A few of the passages in this piece combine mirror inversion along with retrograde (e.g. the opening and closing passages), but the majority use retrograde only. As with Ammolite, the parts are often placed close together vertically in such a way that they cross, creating emergent themes and/or fusing into a unified line.
Some of the themes in this piece function almost like lego pieces: they may be presented first as discrete units, and later placed side by side in such a way that one flows directly into another, so they “snap together” into a new, longer phrase that is heard as a single unit.
One can view the piece as consisting of three sections with no pauses between them. The first section introduces lots of ideas and sets up contrasts between them. The statements in the first section tend to be shorter and more discrete and they are often arranged in a question-and-answer fashion. Midway through the piece, we enter the second section. This is where lines start to flow in a smother and more extended way. Some of the material here brings to my mind a jazz saxophonist playing long bebop lines, or a Baroque performer riffing on the organ, though of course the musical language of the piece is different from either of those styles. This second section is where we experience the greatest sense of cohesion, fluidity, and rhythmic energy in the piece. Finally the second section gives way to a third section that mostly reprises material from the first. Some of the more chaotic content from the first section is restated with some variations, representing a dissolution or breakdown of the coherence that had come to being in the second section. Only one new theme is introduced here, a plaintive tune that occupies only a few bars in between restatements of earlier material. The piece ends with the same rushing lines that opened the first section (I think of these lines as representing the meteor in flight) but the vertical displacements between the parts are changed and now the lines begin with a prefix — an extra bar of jagged material — that lets us perceive the line as a progression from jagged to smooth, finally ending on a single target note. Although the piece does not aim to establish a tonal center — in fact, it aims to prevent any candidate tonal center from lasting too long — it is hoped that the last note in the piece sounds “right” in a way that any other of the twelve pitches would not, there must be implicit tonal hierarchies at play.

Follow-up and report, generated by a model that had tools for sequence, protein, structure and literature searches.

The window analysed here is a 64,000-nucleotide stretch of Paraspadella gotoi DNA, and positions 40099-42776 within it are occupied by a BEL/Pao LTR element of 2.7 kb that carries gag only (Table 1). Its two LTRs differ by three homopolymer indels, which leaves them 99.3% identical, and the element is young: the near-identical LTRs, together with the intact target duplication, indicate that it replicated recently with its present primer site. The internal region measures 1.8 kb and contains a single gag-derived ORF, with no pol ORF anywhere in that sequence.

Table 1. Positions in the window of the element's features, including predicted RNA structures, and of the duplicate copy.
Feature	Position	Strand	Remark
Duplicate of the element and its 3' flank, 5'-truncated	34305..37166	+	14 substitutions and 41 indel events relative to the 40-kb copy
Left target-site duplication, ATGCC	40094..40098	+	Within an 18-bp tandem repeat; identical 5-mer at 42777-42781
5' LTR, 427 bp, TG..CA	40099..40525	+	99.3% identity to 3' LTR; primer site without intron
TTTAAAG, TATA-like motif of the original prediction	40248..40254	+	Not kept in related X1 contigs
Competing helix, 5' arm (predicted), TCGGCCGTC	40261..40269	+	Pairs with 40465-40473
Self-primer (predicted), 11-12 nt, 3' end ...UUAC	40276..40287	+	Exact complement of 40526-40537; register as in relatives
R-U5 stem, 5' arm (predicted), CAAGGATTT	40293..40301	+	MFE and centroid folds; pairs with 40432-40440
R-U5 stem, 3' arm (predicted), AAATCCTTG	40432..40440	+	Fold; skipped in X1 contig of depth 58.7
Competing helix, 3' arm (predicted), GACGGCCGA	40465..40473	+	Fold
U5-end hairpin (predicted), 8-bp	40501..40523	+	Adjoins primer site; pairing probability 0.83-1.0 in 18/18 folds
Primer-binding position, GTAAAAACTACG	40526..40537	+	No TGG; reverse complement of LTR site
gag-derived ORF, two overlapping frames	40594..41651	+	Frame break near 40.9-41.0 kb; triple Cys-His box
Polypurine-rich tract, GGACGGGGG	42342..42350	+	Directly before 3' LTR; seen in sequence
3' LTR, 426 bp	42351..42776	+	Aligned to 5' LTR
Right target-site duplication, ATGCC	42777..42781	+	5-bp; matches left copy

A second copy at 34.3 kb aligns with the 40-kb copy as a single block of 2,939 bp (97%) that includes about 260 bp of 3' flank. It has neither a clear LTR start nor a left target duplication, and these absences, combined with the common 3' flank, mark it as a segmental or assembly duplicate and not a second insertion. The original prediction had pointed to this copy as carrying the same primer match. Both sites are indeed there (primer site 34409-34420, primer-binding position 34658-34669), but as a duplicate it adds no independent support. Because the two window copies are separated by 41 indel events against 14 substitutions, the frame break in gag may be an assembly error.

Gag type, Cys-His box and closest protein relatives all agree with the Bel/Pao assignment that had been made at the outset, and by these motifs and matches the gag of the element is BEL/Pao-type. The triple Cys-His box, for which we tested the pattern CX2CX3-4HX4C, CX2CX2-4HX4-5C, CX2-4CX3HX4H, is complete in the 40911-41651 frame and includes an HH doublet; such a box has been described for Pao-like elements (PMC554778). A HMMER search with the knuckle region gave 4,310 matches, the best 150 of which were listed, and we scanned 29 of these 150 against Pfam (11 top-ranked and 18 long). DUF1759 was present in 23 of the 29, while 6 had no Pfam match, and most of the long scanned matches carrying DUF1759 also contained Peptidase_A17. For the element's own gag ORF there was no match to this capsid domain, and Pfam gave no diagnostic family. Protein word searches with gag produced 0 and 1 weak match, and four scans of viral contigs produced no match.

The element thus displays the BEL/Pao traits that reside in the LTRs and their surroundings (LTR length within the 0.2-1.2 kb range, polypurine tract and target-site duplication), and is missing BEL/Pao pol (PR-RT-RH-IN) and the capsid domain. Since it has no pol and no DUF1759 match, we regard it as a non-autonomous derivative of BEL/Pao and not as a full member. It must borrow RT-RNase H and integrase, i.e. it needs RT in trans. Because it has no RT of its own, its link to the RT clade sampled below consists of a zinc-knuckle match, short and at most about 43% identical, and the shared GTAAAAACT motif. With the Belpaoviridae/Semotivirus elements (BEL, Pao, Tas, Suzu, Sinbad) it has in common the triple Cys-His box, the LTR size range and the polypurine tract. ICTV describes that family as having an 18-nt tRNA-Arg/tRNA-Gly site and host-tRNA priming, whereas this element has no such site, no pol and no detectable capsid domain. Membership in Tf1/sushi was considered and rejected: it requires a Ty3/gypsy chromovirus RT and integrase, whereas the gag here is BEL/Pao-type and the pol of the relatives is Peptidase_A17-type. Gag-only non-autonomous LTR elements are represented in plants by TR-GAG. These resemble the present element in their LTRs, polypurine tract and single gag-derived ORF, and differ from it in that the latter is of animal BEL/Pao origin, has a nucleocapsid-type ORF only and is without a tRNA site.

At roughly eleven minutes, Meteorite happens to be my longest piece so far. It forms a trilogy with its predecessors Birdsong and Ammolite, which are also extended works made from many short canonic passages. Those two pieces are long too, in comparison to my other canons, but for me they move forward in a way that seems almost expeditious, whereas Meteorite demands my attention in a way that makes me feel I’ve spent quite some time in a labyrinth before I find my way or am delivered out. It’s a piece that I’m still learning to hear, and as I come to know it better and better, it doesn’t seem quite as long as it once did; I wouldn’t want it to be shorter.
In working on my latest composition, I happened to sketch a repeating eighth-sixteenth-eighth rhythm, like this:
Noticing how simple this rhythm looked on the page and how familiar it sounded, I didn’t expect that it would trigger a fit of soul-searching.Continue reading